Many in New York referred to Huber as “the most published writer of tap in the world.” For 20 years, she wrote a tap column for two major dance magazines. She served as president of The Texas Association Teachers of Dancing and board member of Dance Masters of America. She introduced the first competitive gymnastics in south Texas.
Melba’s former students are everywhere in various forms of dance, gymnastics, exercise, ballroom and performing arts. Some started their own dance schools or taught dance at the university level. Others have danced with the Rockettes, Disney and in Broadway musicals.
The Three Melbas: Together Again
Up until 2015, Huber and her mother and daughter were together, living in Huber’s home. Family fondly referred to the close-knit trio as “the three Melbas.” Others thought of them as the “Steel Magnolias” for their strength and beauty. Huber’s mother, Melba Stewart, passed away in 2015 at the remarkable age of 106. Huber’s daughter Laurin, whose first name is Melba, had lived in a severely disabled state ever since a 1980 auto accident. She passed away in 2018 at the age of 56. The older two Melbas had been Laurin’s heroes, overseeing her constant care for 38 years.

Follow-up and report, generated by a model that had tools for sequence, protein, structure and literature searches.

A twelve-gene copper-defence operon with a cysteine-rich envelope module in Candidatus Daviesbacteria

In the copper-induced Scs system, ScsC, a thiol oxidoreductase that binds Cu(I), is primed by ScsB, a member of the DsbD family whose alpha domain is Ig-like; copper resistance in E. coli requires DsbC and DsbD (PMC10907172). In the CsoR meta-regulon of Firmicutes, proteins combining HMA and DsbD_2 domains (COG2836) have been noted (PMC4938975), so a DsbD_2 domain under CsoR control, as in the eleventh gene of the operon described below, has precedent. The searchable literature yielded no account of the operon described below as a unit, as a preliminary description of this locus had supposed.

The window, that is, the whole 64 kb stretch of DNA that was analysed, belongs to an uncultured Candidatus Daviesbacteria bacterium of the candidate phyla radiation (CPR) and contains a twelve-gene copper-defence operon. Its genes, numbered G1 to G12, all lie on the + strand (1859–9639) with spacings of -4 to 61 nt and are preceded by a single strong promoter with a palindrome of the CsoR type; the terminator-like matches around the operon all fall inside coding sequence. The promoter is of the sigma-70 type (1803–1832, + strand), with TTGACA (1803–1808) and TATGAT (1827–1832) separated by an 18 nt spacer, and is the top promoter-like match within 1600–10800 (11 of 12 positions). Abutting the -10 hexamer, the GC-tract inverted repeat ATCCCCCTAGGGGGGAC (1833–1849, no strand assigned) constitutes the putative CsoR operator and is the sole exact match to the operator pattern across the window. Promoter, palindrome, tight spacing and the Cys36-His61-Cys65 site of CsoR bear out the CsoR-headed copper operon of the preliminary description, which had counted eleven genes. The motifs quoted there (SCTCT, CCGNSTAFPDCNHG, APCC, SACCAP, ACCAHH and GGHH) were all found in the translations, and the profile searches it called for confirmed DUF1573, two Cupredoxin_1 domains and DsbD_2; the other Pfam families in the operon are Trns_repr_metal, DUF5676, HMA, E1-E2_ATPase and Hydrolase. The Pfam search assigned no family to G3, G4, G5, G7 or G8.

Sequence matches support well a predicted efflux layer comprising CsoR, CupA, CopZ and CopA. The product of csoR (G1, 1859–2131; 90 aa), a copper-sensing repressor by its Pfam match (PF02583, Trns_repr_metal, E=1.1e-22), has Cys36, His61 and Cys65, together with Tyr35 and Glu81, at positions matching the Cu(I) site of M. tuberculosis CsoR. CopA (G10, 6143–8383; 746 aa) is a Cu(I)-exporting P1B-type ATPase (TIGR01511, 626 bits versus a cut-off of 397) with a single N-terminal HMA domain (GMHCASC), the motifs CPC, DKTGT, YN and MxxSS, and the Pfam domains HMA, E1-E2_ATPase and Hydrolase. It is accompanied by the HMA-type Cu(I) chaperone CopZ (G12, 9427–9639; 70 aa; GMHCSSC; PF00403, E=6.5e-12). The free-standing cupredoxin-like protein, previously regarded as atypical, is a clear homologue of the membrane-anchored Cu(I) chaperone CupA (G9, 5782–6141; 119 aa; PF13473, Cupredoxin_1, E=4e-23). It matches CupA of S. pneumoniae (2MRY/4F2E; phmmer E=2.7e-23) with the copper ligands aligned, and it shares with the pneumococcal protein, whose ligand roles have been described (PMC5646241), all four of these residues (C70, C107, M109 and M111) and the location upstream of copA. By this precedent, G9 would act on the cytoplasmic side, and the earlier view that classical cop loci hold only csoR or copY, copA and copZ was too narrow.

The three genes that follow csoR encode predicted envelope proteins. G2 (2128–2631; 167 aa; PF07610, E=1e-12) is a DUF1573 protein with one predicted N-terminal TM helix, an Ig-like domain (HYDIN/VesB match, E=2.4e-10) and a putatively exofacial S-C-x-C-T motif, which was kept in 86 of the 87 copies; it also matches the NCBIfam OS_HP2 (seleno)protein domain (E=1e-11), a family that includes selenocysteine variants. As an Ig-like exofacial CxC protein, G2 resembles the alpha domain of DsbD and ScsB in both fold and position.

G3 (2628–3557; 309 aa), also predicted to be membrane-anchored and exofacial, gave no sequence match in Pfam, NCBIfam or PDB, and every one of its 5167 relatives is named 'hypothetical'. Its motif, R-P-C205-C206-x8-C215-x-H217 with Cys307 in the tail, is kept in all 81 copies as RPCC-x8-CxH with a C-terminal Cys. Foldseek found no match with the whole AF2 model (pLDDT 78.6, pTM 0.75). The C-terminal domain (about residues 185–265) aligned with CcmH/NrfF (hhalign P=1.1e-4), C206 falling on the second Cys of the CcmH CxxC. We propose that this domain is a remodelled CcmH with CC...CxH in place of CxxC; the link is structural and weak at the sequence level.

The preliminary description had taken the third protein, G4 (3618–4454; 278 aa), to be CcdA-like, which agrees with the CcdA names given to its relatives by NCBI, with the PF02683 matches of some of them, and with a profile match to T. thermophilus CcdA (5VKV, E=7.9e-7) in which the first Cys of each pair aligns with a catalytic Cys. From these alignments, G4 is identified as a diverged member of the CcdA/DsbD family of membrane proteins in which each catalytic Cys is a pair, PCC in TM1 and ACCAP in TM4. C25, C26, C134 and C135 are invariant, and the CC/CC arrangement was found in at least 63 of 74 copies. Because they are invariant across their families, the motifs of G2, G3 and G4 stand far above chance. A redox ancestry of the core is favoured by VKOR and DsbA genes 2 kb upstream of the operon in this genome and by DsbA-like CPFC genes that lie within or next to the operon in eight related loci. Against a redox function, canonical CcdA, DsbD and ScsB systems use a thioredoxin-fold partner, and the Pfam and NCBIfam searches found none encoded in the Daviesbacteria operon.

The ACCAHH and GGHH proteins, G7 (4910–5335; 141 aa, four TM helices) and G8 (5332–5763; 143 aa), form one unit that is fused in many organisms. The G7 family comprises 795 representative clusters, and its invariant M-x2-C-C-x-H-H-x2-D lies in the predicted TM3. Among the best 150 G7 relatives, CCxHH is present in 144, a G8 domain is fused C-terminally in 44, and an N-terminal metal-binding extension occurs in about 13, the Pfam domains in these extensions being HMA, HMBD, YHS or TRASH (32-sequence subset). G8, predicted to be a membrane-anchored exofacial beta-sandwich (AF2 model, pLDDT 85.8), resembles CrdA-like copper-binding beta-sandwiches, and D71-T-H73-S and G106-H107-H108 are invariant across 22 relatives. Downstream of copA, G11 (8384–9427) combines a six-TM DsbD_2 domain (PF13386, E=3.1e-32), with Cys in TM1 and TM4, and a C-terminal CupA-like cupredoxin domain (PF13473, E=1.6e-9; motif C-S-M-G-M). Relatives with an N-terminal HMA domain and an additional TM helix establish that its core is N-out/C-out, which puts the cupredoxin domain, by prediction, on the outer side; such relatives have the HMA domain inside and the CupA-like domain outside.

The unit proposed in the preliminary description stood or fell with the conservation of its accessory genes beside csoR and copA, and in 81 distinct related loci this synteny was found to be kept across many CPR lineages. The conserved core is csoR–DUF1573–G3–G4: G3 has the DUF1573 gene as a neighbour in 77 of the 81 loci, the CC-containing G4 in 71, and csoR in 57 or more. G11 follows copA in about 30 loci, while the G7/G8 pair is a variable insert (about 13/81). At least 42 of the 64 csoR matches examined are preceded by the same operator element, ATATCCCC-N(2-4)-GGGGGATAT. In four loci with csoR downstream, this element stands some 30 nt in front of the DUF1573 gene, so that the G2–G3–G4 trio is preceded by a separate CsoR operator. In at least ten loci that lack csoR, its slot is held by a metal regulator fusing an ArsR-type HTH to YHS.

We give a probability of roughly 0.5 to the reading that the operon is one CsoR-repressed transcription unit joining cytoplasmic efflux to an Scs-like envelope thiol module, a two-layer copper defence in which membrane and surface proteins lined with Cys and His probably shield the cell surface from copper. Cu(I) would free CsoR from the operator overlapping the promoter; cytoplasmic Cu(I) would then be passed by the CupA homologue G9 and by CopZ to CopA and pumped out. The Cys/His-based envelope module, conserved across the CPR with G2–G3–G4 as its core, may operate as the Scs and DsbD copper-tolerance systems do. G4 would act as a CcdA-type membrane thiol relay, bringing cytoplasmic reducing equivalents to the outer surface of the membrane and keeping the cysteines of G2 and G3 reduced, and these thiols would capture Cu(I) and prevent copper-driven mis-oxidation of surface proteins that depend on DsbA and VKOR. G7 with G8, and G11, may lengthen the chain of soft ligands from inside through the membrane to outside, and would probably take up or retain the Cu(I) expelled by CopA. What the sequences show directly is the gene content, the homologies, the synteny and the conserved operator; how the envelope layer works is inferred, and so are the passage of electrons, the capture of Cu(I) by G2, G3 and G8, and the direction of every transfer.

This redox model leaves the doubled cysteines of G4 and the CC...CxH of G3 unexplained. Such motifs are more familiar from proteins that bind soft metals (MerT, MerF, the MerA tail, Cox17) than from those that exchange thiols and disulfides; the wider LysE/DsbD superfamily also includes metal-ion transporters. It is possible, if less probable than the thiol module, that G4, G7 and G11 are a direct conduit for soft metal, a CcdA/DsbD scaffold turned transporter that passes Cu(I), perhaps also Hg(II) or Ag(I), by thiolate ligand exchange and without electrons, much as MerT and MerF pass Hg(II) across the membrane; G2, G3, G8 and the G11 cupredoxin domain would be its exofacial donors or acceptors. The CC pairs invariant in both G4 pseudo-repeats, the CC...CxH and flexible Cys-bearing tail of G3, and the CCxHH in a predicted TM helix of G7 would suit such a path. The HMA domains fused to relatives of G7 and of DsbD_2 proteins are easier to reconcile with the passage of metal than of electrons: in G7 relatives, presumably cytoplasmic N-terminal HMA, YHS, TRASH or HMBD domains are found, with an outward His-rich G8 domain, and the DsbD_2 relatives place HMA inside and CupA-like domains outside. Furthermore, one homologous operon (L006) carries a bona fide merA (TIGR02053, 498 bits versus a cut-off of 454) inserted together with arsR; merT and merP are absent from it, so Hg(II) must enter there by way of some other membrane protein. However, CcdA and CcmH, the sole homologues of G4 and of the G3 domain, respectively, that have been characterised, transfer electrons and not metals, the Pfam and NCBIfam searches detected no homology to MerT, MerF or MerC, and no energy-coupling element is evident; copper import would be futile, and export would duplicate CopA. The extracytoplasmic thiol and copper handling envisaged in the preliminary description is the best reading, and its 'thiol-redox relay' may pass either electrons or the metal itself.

Carey Kinsolving, Huber’s eldest son, calls this his mother’s greatest achievement. “With the constant care and expense that 24/7 nursing required, many parents and grandparents would have given up, but not my mother and grandmother,” said Kinsolving. “They were amazing women.”
“My mother’s dancing has only just begun,” said Kinsolving. “Because she trusted the Lord Jesus Christ as her savior, she’ll be dancing forever in heaven!